This year, we’re giving you a mulligan — a second chance to correct an oversight or to restore a contender who simply had the misfortune of hosting in October. How is Louis CK not still in the mix, you might ask. Seth MacFarlane and Anne Hathaway were by far the best hosts of the year, you doofuses, insist others! Well, now is your time to be heard, to right a wrong. Vote below for the best SNL host who didn’t make the cut — but should’ve.
This shouldn’t be a popularity contest, and bless you, you’ve proven during the course of the contest to appreciate that. We all revere the institution of Saturday Night Live, so give new life to the host that did the show the most proud. READ FULL STORY
The last time Vince Vaughn hosted Saturday Night Live, he was plugging Gus Van Sant’s Psycho remake and the musical guest was Lauryn Hill. Old School was still five years away! But fans who still love him best for his role as Trent in Swingers and others who remember his improv chops from his 2006 comedy documentary, Wild West Comedy Show, had to appreciate his opening monologue on Saturday. He flirted with random-audience-member Paige like she was at the Derby lounge, and lectured nervous Eric about cell-phone etiquette like he was giving buddy Jon Favreau a pep-talk. In other words, it certainly played to his strengths, which wasn’t exactly the case for the rest of the show.
Last year, our inaugural best-host contest turned out to be a two-horse race between Jimmy Fallon and Melissa McCarthy, with Fallon ultimately taking home the prize. Vaughn has the unfortunate luck of stepping right into the wake of a similar situation, following well-received appearances from McCarthy and five-timer Justin Timberlake. Those two favorites are now dominating our recent poll — combining to win more than 90 percent of the vote — sending home Christoph Waltz and leaving Martin Short and Seth MacFarlane, who were hardly slouches, hanging on by a thread. With only four episodes of Saturday Night Live to go, and Zach Galifianakis scheduled to host next on May 4, the race has never been more competitive.
Remember, everyone: we’re trying to recognize the best SNL host, the funniest, most-memorable host who raised everyone’s game and put on a performance that would’ve been excellent in the greatest of classic SNL seasons. Were people in the office elevator still chuckling about the episode this morning? How many times have re-viewed a sketch online? Do you want to see this host back on the show next season? Just some things to consider.
Below, I’ve embedded one representative clip for each of the five hosts currently in the race. After the vote, the host with the least support will be escorted by Bobby Moynihan off the premises, and the other four will advance to compete against Galifianakis. After his effort, there will only be three episodes remaining until we crown a new Mr. or Ms. Saturday Night. Watch the clips, refresh your memories, and vote below. READ FULL STORY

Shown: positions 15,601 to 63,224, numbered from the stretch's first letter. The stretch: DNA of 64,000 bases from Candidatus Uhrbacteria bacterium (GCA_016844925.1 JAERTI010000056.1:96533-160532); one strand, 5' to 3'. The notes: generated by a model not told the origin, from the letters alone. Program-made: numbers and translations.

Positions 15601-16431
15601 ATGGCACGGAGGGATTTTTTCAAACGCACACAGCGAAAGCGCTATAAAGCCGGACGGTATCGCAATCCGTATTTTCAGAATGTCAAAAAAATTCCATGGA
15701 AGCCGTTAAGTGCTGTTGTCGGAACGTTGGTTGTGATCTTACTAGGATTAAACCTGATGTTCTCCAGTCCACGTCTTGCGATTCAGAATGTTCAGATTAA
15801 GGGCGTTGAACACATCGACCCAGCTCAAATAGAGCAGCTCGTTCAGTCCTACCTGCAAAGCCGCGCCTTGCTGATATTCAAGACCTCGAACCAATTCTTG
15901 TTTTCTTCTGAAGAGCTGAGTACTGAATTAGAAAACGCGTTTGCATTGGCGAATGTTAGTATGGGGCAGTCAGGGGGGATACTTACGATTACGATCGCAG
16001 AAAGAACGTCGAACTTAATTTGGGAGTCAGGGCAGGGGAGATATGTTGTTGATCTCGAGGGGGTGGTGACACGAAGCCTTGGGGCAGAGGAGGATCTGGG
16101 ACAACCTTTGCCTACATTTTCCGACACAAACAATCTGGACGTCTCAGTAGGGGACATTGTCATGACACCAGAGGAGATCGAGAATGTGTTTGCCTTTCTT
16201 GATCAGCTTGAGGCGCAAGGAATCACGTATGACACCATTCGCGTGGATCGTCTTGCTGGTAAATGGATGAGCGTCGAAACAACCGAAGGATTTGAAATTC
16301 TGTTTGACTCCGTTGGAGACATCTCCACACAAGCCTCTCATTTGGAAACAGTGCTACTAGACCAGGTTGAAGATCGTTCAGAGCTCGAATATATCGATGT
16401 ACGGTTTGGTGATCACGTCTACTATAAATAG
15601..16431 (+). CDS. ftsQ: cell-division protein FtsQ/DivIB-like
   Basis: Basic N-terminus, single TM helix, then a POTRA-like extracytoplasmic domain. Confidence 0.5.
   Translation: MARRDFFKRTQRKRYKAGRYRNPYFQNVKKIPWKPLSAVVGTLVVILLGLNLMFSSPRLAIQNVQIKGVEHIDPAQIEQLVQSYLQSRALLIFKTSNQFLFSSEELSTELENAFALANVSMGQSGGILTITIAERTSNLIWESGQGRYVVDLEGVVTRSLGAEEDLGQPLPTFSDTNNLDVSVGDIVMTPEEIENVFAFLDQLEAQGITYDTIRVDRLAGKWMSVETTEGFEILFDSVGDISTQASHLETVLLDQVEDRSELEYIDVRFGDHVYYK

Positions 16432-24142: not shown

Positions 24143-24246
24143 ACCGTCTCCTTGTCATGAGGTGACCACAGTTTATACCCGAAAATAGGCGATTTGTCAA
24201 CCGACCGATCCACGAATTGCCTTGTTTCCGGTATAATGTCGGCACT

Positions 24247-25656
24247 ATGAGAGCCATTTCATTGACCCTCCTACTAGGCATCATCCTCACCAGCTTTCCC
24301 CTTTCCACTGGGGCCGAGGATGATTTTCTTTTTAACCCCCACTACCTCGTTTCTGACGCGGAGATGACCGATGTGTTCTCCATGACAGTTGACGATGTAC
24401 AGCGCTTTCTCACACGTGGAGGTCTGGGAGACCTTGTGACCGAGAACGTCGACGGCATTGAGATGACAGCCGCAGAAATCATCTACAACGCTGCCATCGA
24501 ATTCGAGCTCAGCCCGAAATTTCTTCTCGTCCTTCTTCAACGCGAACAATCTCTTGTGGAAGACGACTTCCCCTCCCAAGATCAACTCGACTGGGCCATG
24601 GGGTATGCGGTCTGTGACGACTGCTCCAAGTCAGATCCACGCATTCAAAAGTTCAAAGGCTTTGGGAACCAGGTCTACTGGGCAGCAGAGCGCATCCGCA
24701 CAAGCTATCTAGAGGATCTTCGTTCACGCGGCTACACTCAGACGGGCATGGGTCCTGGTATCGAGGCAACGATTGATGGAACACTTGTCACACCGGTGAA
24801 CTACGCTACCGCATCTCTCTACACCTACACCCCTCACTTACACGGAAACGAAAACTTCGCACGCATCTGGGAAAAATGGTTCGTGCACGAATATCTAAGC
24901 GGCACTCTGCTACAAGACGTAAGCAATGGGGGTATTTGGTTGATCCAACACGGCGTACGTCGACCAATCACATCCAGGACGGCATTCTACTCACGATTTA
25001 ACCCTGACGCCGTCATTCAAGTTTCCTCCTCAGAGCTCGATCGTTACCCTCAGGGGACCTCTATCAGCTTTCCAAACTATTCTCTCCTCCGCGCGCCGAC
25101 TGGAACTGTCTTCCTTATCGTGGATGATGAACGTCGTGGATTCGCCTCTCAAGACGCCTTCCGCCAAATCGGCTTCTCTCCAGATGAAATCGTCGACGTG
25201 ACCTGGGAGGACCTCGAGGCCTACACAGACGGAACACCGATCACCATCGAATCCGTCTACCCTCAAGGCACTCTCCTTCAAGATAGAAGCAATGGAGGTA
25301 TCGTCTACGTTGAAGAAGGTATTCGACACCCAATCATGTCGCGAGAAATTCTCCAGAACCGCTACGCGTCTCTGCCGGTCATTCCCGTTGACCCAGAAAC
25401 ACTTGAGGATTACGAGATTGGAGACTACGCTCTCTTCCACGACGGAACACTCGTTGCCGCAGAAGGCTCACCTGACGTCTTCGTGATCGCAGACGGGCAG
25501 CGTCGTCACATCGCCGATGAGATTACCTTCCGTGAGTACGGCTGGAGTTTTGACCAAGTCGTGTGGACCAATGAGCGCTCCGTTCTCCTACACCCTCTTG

This past Saturday’s episode of SNL was indisputably a season highlight. But here’s a question: How much of the credit for that belongs solely to host Justin Timberlake?
Timberlake certainly seems to have a Midas effect whenever he drops by SNL. His very presence energizes the entire show, even the segments in which he doesn’t appear. Take, for example, this week’s Stefon appearance, which is the funniest the character’s been in months.
That said, an enormous number of “surprise” cameos also buoyed Timberlake’s latest Saturday Night Live turn — and when the euphoria induced by Steve Martin, Andy Samberg, Jay-Z, et al wore off, we were left with an episode that lagged mightily after Weekend Update (“The Adventures of Sober Caligula”? ), despite Timberlake’s best efforts. Arguably, then, Timberlake himself doesn’t necessarily deserve full marks for the show’s success. (I’m not necessarily making that argument; I’m just saying one could.)
Still, Timberlake shouldn’t have much trouble shooting to the top of this week’s Host Poll — especially since last week’s results prove that none of our current Mr./Ms. Saturday Night contenders has a decisive lead. READ FULL STORY
You guys, Justin Timberlake is onto us. Here’s how this season’s most highly anticipated SNL host began his monologue last night: “There are so many exciting things about hosting five times. You get to see old friends. You get to try new things. You get to inevitably let everyone down thanks to overly high expectations — thanks, Internet!”
But unlike poor Jennifer Lawrence, Timberlake didn’t fall victim to the perils of fervent anticipation. His show was a thrilling, joyous, cameo-stuffed affair that easily ranks among this season’s best, second only perhaps to Martin Short’s Christmas episode — even though Timberlake and SNL both lost a good amount of momentum after Weekend Update, where the show’s weakest sketches are traditionally stuffed.